So often, when we remember the magical moments of our childhoods, those memories are doused in golden summer light. Long days and sunburned noses and the smell of cut grass and hot asphalt and maybe the feel of popsicle melting down our hands. We remember heat shimmering off of cracked sidewalks and drinking tepid water from garden hoses and hair that felt crunchy with salt water.Read More
Did you know that the proper shortened name for the Sierra Nevada Mountain Range is "the Sierra", singular, not “the Sierras,” plural? I read that shortly after we arrived in Reno, but admit to slipping back to using “the Sierras” on occasion…forgive me, I’m working on it.
I’m heading home today from a whirlwind ten days in the PNW followed by a fantastic visit with a dear friend in North Carolina, so while you’re in the business of forgiving me, please add “didn’t write a blog post this week” to my sins and enjoy these images from a quick weekend getaway we took with our friend, Geoff, a few weeks ago in the Sierra (see? I’m improving already!). We hit up the fantastic Sierra Butte firetower and pretty much every lake in the immediate vicinity, most notably Upper Sardine Lake (the one I mentioned a few weeks ago)!
We woke to sunshine streaming through the window on the cool breeze, no alarms to wrest us from our dreams. We lingered for a bit, feeling the cradling of our pillows, the weight of the comforter, the warmth of sleepy skin and limbs all tangled together.
Ablutions taken care of, we ground coffee by hand and breathed in the scent of it on air still crisp but just beginning to give way to the coming warmth of the day. A leisurely walk with our slow-moving dog, a consensus reached to chase down brunch and a shady patio.
Crunchy potatoes and gooey omelettes stuffed with the season’s bounty and more steaming mugs full of rich, dark coffee. Comfortable silence broken by intermittent conversation. Place and purpose and growth and fear…and courage, of course we talked of courage.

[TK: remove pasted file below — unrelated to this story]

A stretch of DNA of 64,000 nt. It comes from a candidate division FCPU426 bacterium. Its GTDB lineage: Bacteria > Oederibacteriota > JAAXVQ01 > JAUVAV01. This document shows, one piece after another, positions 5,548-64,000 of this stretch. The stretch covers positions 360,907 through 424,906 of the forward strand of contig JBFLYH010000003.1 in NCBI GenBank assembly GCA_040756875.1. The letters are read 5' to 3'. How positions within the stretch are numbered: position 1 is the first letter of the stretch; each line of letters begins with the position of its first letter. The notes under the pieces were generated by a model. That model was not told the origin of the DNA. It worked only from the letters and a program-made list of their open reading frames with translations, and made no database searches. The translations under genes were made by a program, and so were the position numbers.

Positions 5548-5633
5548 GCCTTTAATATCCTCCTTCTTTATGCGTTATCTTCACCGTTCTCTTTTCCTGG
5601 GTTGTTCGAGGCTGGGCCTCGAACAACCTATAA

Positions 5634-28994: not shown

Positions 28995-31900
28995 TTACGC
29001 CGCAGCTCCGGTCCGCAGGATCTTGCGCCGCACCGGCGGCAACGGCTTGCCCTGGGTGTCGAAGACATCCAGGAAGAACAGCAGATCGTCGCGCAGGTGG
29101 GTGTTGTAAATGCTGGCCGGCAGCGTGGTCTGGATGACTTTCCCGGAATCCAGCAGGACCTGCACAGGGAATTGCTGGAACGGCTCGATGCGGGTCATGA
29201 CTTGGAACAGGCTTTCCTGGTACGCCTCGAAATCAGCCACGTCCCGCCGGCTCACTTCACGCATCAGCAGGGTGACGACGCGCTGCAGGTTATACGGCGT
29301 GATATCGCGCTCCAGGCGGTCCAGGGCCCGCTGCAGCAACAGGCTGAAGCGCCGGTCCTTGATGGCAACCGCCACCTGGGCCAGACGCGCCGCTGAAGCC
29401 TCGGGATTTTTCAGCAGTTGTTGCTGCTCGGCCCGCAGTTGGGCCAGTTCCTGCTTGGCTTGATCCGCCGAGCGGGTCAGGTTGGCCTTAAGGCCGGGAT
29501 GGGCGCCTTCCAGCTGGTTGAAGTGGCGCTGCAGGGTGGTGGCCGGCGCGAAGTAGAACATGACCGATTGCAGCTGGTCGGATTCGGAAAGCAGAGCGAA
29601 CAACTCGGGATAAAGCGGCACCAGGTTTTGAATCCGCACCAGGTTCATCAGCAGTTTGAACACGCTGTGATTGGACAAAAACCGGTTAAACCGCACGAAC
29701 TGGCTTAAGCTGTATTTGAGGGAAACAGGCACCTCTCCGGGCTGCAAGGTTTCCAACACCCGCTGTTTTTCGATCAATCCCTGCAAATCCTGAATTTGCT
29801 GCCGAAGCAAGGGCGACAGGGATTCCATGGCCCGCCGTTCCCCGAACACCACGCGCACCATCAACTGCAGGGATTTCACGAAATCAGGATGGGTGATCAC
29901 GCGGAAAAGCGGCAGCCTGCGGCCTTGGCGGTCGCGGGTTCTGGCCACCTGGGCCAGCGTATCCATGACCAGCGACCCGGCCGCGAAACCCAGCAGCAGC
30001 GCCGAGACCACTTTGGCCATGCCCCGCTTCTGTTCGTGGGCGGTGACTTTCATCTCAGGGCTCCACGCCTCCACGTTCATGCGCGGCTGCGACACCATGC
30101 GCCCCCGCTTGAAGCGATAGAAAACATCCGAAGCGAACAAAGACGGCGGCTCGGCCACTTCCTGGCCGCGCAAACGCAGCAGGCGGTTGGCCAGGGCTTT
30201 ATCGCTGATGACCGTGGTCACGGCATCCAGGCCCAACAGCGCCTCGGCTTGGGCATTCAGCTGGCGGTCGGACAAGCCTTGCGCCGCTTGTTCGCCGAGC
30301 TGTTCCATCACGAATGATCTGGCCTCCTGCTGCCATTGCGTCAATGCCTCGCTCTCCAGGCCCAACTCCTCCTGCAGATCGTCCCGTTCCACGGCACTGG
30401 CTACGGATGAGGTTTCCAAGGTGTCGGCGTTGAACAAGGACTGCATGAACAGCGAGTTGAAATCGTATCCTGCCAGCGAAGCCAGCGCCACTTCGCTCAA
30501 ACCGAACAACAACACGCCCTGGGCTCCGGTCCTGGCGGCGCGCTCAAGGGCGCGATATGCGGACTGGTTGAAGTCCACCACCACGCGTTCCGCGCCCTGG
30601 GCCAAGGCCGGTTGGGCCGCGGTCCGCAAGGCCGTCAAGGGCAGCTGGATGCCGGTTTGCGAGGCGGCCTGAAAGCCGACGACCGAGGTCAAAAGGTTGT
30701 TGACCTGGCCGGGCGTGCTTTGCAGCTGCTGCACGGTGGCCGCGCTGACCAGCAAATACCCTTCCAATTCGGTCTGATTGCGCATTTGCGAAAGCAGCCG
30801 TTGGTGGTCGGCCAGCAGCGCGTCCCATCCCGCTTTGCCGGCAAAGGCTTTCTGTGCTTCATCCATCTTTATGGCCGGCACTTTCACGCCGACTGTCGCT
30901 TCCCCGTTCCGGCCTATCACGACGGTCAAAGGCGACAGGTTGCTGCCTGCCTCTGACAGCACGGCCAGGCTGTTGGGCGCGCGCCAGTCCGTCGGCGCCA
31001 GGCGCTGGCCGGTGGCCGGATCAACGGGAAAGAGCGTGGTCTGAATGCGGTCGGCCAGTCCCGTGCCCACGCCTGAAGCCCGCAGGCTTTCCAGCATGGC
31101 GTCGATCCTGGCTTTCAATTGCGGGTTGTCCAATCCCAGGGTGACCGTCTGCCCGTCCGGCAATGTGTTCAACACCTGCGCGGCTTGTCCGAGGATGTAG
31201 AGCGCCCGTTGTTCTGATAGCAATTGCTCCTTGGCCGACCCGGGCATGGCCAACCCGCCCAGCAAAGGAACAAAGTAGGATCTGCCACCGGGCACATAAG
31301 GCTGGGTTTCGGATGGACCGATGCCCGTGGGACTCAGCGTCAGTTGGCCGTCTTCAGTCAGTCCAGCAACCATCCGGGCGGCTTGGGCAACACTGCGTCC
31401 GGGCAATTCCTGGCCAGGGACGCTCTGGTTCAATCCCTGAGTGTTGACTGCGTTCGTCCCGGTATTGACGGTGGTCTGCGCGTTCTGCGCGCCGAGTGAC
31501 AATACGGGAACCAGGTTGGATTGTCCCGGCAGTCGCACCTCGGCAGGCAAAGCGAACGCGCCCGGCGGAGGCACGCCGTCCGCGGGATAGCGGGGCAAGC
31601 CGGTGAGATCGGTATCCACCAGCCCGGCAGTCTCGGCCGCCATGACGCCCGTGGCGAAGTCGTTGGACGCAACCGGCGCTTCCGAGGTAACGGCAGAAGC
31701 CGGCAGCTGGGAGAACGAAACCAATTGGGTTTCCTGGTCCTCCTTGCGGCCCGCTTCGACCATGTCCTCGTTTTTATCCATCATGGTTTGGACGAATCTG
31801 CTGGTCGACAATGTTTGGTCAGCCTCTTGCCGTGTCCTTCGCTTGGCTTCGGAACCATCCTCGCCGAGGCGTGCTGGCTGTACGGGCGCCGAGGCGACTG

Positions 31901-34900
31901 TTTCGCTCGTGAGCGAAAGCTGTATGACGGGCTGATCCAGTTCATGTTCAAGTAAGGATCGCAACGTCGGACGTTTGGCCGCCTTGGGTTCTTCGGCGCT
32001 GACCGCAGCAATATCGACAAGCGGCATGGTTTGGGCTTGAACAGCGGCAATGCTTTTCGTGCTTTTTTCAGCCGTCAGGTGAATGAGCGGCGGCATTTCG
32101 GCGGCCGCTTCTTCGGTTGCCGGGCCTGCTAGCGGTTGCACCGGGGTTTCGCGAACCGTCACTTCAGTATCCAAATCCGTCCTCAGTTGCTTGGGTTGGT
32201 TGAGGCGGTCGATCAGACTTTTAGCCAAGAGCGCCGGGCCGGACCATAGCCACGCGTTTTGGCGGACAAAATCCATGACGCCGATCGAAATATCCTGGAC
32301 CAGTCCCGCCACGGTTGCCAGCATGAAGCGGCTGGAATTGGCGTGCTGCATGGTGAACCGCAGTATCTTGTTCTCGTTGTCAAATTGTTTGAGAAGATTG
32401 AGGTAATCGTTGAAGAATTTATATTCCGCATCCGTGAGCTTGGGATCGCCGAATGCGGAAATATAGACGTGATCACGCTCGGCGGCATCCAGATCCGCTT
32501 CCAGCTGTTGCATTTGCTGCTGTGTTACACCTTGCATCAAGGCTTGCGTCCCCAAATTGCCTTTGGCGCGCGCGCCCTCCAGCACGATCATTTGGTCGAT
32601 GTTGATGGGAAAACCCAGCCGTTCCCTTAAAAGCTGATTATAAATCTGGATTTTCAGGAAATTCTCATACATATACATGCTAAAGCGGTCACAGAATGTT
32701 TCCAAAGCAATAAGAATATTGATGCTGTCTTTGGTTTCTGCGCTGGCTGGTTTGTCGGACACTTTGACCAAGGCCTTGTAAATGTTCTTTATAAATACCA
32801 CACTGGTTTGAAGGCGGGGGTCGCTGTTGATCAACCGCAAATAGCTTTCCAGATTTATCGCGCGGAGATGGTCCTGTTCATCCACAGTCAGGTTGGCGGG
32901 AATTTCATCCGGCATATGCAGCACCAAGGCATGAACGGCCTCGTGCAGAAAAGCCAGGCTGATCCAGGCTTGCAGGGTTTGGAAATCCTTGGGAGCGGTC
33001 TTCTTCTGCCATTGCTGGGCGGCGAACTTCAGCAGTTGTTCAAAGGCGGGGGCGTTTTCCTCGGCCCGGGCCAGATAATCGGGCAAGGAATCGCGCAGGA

Sated, we drove. Eventually highway turned to backroad and we traded tall buildings for towering trees. Between mountains we found water and still we drove on, past the boat launch and picnic tables, past more trees and more mountains. On we went until a rutted dirt road hinted at solitude and access and we inched and rocked and rumbled our way along it until we reached its terminus at a tiny inlet.
And there we stayed, languishing by emerald water under the shade of lanky ponderosa pines. Chipmunks scurried and chattered, and water lapped, and black and white bellied northern flickers tap-tap-tapped the sticky bark for the buggy treasures hidden below. We read and scribbled and napped and swam. No agenda. No schedule. We quoted to each other funny passages from our books. We talked of nothing and took turns swaying in the hammock and laughed at our silly dog sleeping upside-down in the dirt-bed she so industriously dug for herself.